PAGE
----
Perforce Hot Backup under Linux

October 2006


Perforce is a revision control system. It uses a client-server model that allows developers to concurrently edit content that can then be atomically submitted to and stored on the server. The server generally stores content in RCS format or compressed binary files, while meta-data about file revisions, users and everything else are stored in Berkley database format.

The Perforce System Administrators guide gives a procedure for backing up all the data stored in a Perforce system. However, the prescribed method has a number of failings that mean it can be unsuitable in some circumstances, typically with very large installations. This document describes the problems with the Perforce backup method and then presents alternative methods that have been implemented and used in a production environment under Linux. Critically the methods presented allow backing up of very large sites without compromising server availability and have been used and refined in a production environment.

Perforce Backup Solution

The System Administrators Guide gives 4 steps to backup a Perforce server. These are as follows:

  1. p4 verify //...
  2. p4d -jc
  3. Check that checkpoint creation has completed.
  4. Backup the newly created checkpoint, the old journals and the versioned files.

The first step ensures that digests stored in the database match a digest computed from the versioned files on the disk. This will discover any corruption or unexpected change to the versioned files since their submission, and is important to ensure that the data being backed up is intact.

The second step is where the database files are safely dumped to disk. Critically this command both truncates the transaction journal and creates a checkpoint while the database is locked, thus ensuring that the database is in a consistent state when dumped. While this step is running queries to the server will be blocked since the tables are locked.

The final two steps relate mainly to the running of the backup software itself. Following the verify and p4d -jc commands, the database is presented in a form that can be safely copied to other storage and backed up.

While this solution works and does provide safe and reliable backups, it is not necessarily ideal for large installations. Typically the first step can take a long time, and if executed with a wide view of the depot, as given in the example, will consume a large amount of memory on the server while running. Depending on the amount of memory the Perforce server has available to it, this alone can impact performance by causing excessive swapping.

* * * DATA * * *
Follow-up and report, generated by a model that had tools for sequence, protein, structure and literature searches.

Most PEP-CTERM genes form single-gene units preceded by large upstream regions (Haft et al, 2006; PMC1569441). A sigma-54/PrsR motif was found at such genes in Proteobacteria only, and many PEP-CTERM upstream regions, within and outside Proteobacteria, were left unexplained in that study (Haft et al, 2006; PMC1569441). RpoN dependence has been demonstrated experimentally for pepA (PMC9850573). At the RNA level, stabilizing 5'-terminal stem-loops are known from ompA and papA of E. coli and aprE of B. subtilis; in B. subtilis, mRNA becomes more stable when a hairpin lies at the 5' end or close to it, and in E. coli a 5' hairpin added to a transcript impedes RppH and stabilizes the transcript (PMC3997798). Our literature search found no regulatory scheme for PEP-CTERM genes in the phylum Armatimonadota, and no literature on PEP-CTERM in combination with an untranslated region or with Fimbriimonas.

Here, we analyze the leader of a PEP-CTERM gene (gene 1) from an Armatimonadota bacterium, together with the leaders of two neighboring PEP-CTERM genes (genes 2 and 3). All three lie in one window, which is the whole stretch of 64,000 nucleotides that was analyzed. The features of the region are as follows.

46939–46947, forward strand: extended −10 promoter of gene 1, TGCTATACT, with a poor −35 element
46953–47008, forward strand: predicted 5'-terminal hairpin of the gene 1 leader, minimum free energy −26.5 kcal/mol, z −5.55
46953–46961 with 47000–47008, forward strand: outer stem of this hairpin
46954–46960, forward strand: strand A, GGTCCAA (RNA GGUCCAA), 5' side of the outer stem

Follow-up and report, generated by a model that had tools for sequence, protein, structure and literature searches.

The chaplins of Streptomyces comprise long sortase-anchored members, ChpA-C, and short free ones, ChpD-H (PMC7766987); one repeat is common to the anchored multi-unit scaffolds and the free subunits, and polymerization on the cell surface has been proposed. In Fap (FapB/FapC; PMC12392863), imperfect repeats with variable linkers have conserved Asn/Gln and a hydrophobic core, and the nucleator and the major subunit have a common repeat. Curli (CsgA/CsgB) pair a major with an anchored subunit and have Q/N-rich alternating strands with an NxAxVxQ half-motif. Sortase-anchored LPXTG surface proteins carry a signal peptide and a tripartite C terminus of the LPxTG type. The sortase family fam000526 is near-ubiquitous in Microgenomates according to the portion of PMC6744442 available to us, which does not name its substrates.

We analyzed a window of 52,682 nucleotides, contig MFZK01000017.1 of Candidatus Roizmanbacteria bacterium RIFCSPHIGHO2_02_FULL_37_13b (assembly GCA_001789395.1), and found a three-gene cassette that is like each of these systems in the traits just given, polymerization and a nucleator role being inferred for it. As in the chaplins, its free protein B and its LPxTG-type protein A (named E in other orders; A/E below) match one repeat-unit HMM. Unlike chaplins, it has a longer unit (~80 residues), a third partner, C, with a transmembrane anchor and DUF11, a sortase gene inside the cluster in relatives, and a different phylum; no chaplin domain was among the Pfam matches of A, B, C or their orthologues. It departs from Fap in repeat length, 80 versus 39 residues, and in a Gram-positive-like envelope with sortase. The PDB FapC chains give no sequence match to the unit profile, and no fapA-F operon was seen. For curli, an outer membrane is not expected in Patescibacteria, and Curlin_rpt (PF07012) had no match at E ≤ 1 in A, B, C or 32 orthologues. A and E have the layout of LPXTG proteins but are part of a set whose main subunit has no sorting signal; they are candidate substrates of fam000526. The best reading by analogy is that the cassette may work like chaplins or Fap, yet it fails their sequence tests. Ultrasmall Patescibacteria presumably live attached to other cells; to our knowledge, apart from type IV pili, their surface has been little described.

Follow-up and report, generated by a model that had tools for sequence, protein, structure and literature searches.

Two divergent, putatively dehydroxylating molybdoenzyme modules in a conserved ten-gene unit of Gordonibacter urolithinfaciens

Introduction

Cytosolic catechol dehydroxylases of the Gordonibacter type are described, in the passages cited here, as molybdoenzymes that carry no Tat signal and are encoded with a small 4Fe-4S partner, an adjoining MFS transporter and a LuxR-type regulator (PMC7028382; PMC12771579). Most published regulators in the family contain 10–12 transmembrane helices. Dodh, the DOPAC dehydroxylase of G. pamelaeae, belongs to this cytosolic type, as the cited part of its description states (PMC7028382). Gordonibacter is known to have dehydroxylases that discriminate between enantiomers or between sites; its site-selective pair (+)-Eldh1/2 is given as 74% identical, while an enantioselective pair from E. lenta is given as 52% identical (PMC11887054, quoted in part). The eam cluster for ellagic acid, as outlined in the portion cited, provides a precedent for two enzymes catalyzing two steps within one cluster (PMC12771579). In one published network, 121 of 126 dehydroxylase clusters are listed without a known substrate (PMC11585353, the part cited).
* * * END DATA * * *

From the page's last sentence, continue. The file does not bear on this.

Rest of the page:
The largest problem for this scheme is that the p4d -jc command may take a long time to complete, and that the database is locked throughout this operation. This means that any client requests to the server will not progress until this part of the backup has completed. For small servers where the checkpoint is quick to generate this is rarely a problem. However, as the database grows with files, revisions, clients and labels, the amount of data to be dumped increases as does the time it takes for the operation to complete. Critically this step was found to be taking over an hour, leaving the server unusable for interactive operations during this period.

My Backup Solution

The Perforce Backup Solution has failings in the verification step and then the journal truncation/checkpoint creation phases. The following sections describe alternative approaches that overcome these problems.


The only issues here are that the verify process may consume a large amount of memory on the server and also be very slow to complete. To address memory consumption, the simplest thing to do is to break up the verify into sections such that each depot and directory is verified individually. This reduces the memory used by the operation, and can simply be scripted as in the following example:

P4="p4 -u $P4USER -P $P4PASSWD"

# Iterate the depots
for DEPOT in `$P4 -Ztag -s depots | grep "info1: name" | cut -d " " -f  3`; do

	# Check any files right under the depot
	if $P4 -s files //$DEPOT/* | grep -q "^info: " ; then
		$P4 verify -q //$DEPOT/*

	# Now each directory in the depot in turn
	$P4 dirs //$DEPOT/* |